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Thread: Advice Please

  1. #1

    Question Advice Please

    Good afternoon,

    I am new on here so i thought i would say hi. Hi! I am alittle nervous so forgive me if i ramble or make no sence.
    I am hoping that someone might be able to help me. I am interested in either a schnoodle or moodle dog, i have a three year old son and i am a stay at home mum, but we would like a smaller dog as our house is only 12squares. I did google them to find out what the major differences between the breeds are but it didnt really help.

    So i was just wondering does anyone own either of these breeds?

    Thank you very much.

  2. #2
    Join Date
    May 2009
    Posts
    2,561

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    Hi and welcome!

    These 'breeds' are not actually breeds but rather a name given to a particular corss bred dog. At a guess, 'schnoodle' would be a cross between a Schnuazer and a Poodle and the 'moodle' would possibly be a Maltese and a Poodle.

    When it comes to how the dog looks, this will depend on a number of factors.

    Firstly, the parent breeds. Poodles come in three sizes, toy, miniature and standard and the Schnauzer also comes in different sizes; miniature and standard. The difference in the heights between these breeds is roughly up to 70 odd centimeters. So, you may end up with a small dog or a dog whose height reaches way above your knees.

    Is there any reason why you have chosen a corss, and not something say like just a normal Toy Poodle?

    If you can define a little more what you are looking for in a dog, we can possibly point you in the right direction.

    I hope this helps.
    A pessimist sees the glass as half empty;
    An optimist sees the glass as half full;
    A realist just finishes the damn thing and refills it.

  3. #3
    Join Date
    Nov 2010
    Location
    Riverina, NSW
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    My Friend, (gordo) has a cavoodle (cavalier spaniel x poodle), he is small and friendly, so it might be worth a bit of research

  4. #4

    Smile

    Hi,

    thanks for getting back to me soo fast. I did a quiz thing online and it came up with poodle, so i googled them but came across the other breeds. My son has asthma and i read that both these dogs are low shedding. As much as any dog can be. And i like that they are small and meant to be easy to train.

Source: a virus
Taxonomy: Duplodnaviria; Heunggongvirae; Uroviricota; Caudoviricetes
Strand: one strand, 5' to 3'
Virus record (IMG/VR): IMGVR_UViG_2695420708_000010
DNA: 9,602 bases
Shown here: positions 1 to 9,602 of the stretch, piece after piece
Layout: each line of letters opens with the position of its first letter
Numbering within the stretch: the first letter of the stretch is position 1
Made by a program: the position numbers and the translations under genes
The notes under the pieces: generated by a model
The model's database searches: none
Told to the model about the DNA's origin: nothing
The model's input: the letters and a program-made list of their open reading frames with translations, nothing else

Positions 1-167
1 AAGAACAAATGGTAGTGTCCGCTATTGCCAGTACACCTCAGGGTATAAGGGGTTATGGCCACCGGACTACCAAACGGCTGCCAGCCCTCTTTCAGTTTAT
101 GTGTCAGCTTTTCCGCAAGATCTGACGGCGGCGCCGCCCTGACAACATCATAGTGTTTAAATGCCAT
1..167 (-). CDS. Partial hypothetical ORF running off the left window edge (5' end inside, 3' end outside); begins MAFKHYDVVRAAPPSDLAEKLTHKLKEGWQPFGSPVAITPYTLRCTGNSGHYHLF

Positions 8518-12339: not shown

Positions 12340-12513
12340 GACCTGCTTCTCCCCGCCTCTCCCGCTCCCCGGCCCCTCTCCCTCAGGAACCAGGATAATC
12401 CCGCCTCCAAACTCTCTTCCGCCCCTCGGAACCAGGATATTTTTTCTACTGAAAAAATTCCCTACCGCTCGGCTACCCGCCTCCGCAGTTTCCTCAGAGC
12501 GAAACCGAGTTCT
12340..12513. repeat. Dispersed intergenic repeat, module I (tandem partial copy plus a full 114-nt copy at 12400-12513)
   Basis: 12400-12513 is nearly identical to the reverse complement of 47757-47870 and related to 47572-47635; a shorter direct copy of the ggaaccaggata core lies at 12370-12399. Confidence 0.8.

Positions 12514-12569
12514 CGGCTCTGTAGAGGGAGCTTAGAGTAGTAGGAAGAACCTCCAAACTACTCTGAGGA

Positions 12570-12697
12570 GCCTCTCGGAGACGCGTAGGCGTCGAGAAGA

um yeah i dont think there was anything else ohh yes and they are soooooo cute.

  5. #5

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    Oh okay great thank you for the advice i will do that now ;0

  6. #6
    Join Date
    May 2009
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    2,561

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    Ok, so if you are looking for a dog that will have the least chance of creating issues with your son's asthma, then I'd like to suggest a couple of breeds;

    Bichon Friese
    Poodle
    Lagotto

    Do you want a dog that is largely independant or does the idea of a dog sitting in your lap all the time more appealing?

    Are you inclined to spend time grooming your dog and do you have the financial ability to pay to have the dog professionally clipped?

    Would barking be an issue for you (ie do you have neighbours that might complain or do you live in a confined area close to neighbours like a unit?)

    Do you want a dog that loves to be walked and has energy to run and play or want that is happy to potter about the house and yard with occassional walks?

    How much time will the dog be at home by itself both now and in 5 years time and beyond?
    A pessimist sees the glass as half empty;
    An optimist sees the glass as half full;
    A realist just finishes the damn thing and refills it.

  7. #7

    Default

    Quote Originally Posted by Anne View Post
    Ok, so if you are looking for a dog that will have the least chance of creating issues with your son's asthma, then I'd like to suggest a couple of breeds;

    Bichon Friese
    Poodle
    Lagotto

    Do you want a dog that is largely independant or does the idea of a dog sitting in your lap all the time more appealing?